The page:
(CNSNews.com) – As it prepares to observe the November 8 elections, an Organization for Security and Co-operation in Europe (OSCE) mission already in the U.S. drew attention on Wednesday to the fact that 13 states explicitly forbid international election observation.

That prohibition, it said, ran contrary to the “requirements” set down in a 1990 document drawn up by the OSCE’s precursor, the Conference on Security and Co-operation in Europe.

“Election observer access is determined by the state or county,” the mission said in an interim report. “Eight states explicitly allow for international election observation while thirteen states explicitly forbid it which is not in line with the requirements of paragraph 8 of the 1990 OSCE Copenhagen Document.”

In fact, the document which the report refers to does implicitly acknowledge the fact that laws in some of the “participating states” making up what was then known as the CSCE – today’s OSCE – may not allow outside observation.

It says that observers from other participating states are invited to observe national elections, “to the extent permitted by law.”

The U.S. states that prohibit international election observation are Alabama, Alaska, Arizona, Connecticut, Hawaii, Louisiana, Mississippi, North Carolina, Ohio, Oklahoma, Tennessee, Texas and West Virginia.

(Four years ago, the Texas’ Attorney-General warned the OSCE that any observer who approaches a polling station in the state could be prosecuted.)

Another eight states have laws that explicitly allow foreign observers to be present at polling stations on election day – California, Colorado, Missouri, New Mexico, North Dakota, South Carolina, South Dakota and Washington.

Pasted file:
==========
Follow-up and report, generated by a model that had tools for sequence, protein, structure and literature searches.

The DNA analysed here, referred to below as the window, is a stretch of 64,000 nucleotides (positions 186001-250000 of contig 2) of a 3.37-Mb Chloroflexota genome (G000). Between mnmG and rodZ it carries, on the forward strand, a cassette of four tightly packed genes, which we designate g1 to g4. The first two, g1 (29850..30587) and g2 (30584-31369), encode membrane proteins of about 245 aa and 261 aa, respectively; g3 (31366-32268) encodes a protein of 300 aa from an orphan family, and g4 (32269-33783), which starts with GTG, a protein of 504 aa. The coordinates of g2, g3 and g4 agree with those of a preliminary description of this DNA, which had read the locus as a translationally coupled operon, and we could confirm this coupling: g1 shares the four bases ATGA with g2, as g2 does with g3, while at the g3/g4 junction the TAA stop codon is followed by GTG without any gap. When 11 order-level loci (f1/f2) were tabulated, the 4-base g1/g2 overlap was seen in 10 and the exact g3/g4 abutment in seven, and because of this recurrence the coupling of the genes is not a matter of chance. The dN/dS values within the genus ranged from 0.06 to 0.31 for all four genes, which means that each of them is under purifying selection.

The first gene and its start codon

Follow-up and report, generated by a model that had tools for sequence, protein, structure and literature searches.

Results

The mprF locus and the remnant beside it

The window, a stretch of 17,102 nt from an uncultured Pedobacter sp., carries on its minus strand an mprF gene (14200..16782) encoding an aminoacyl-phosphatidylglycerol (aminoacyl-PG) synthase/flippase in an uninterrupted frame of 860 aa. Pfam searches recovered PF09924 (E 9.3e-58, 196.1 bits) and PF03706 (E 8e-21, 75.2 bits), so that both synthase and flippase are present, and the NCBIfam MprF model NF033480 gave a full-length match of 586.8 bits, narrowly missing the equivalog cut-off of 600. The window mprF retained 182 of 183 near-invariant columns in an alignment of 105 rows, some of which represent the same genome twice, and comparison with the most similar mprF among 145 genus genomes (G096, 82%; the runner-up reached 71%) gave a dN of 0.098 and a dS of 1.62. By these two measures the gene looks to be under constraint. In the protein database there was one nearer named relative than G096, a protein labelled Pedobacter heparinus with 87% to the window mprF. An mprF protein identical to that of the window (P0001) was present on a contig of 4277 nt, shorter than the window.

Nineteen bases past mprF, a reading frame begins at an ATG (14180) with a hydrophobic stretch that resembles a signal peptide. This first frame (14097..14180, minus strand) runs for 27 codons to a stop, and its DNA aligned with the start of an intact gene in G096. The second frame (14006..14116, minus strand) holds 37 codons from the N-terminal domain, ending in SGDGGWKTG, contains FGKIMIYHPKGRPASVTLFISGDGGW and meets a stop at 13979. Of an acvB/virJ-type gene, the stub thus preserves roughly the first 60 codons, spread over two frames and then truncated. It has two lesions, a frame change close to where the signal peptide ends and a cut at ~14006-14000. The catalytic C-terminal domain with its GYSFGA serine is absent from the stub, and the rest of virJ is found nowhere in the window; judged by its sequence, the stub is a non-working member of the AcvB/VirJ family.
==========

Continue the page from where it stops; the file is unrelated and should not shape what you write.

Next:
For the most part, however, states do not regulate the matter, but leave the decision on admitting both international or American observers to the discretion of state or county election officials.

The OSCE comprises 57 countries from Europe, North America and Asia, , and is focused on human rights and security.

Its Office for Democratic Institutions and Human Rights (ODIHR) has observed more than 150 elections across those participating countries since 1995, and has been invited by the federal government to observe elections in the U.S. since 2002.

The current OSCE/ODIHR mission comprises a 12-strong core team plus 26 long-term observers who have been on the ground since October 11.

Another 400 short-term observers are expected to arrive for Election Day – making the 2016 OSCE/ODIHR mission more than ten times bigger than the one that observed the last presidential election in 2012.

Four years ago, the observers included individuals from several countries whose political systems and record on civil liberties have earned them grades of “not free” or “party free” by the veteran Washington-based non-governmental organization, Freedom House.

(The “not free” countries represented in the 2012 mission were Azerbaijan, Belarus, Kazakhstan and Kyrgyzstan, while the “partly free” countries were Albania, Armenia, Bosnia, Georgia, Macedonia and Ukraine.)

The nationalities of the 400 short-term observers expected this time have not been announced. The 26 long-term observers all come from free democracies – Germany, France, Romania, Spain, Switzerland and Finland – apart from one from Bosnia, a country ranked “partly free” by Freedom House.

The interim report released by the OSCE/ODIHR mission touches on everything from controversies over voter-ID laws to campaign finance. Mostly it does not pass judgments, but points out where “interlocutors” – institutions, parties and civil society groups with which it has been consulting – have raised concerns: